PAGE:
Certain anti-diarrheal medications are used to help alleviate symptoms of microscopic colitis.
- Types: Common antidiarrheals include bulking agents that increase the volume of stool and slow down gut motility to decrease diarrhea. Following antidiarrheals, most people are treated with bismuth agents containing bismuth salicylate.
- Efficacy: Generally, these work quickly and are reliable — usually going to work within a few doses.
This is the most common treatment for severe microscopic colitis if it is unresponsive to previous methods.
- Types: The steroid drug budesonide is most commonly used. Steroids, in sufficient doses, can reduce the activity of the immune system and reduce the autoimmune process that contributes to microscopic colitis.
- Efficacy: Steroids are only used for a short period of time. Even though they are commonly effective, microscopic colitis often returns when the steroids are discontinued.
Generally, medications for microscopic colitis are trialed for as little as two weeks depending on the treatment setting. As it becomes apparent that drugs are ineffective, the physician will either move to a stronger medication or re-evaluate the original diagnosis for another diagnosis, like Celiac or Sprue, for example. In most cases, a response takes place in two weeks, though the disease may reoccur.
When to seek further consultation for microscopic colitis
You should seek medical attention if you have lost significant weight, are severely dehydrated, or your other symptoms persist. It is also important to not ignore any symptoms as they can cause significant complications.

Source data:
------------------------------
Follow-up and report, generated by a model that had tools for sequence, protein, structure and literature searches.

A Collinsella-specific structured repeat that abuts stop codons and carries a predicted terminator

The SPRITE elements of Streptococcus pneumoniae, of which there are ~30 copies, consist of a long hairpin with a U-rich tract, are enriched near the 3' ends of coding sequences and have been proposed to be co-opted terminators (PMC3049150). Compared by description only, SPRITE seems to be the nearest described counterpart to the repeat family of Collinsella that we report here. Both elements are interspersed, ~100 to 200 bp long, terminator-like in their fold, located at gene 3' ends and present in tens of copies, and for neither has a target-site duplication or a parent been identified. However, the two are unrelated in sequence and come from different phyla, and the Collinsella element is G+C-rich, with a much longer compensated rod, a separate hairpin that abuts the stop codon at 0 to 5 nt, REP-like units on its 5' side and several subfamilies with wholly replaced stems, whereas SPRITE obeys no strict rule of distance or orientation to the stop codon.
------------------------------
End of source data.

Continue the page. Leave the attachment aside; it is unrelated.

If you have lost significant weight
Seek further consultation if you have had precipitous weight decline over the period during which you have had microscopic colitis. Although microscopic colitis can cause weight loss, other diseases like malignancy can also cause altered bowel movements and weight loss.
If your symptoms last for more than two weeks
You should seek further consultation if you have had diarrhea for over two weeks. Most infectious causes of diarrhea self-resolve within a few weeks.
Additionally, loss of fluids can lead to dehydration which can cause fainting, and in severe cases, heart problems. If you are unable to replenish your fluids and your electrolytes, you should seek medical help.
Questions your doctor may ask to determine microscopic colitis
- Have you lost your appetite recently?
- Have you been feeling more tired than usual, lethargic or fatigued despite sleeping a normal amount?
- Any fever today or during the last week?
- Do you currently smoke?
- Are your symptoms causing difficulty at work, socializing, or spending time with friends & family?
Self-diagnose with our free Buoy Assistant if you answer yes on any of these questions.
Ezekiel Richardson is a fourth-year medical student at UPenn, currently applying into Emergency Medicine. He completed an undergraduate degree with a concentration in health disparities at Stanford University. After graduation, he spent a year working in the Maryland Department of Health as a John Gardner Public Service Fellow. Between his third and fourth year of medical school, he completed multiple publications on public health and health accessibility through the Center for Emergency Care and Policy Research Fellowship. He has participated as a teaching assistant in anatomy, histology, and doctoring ethics courses at UPenn. Outside of medical school, he enjoys cooking, volunteering, and traveling in support of his partner’s work on girls’ education in Africa.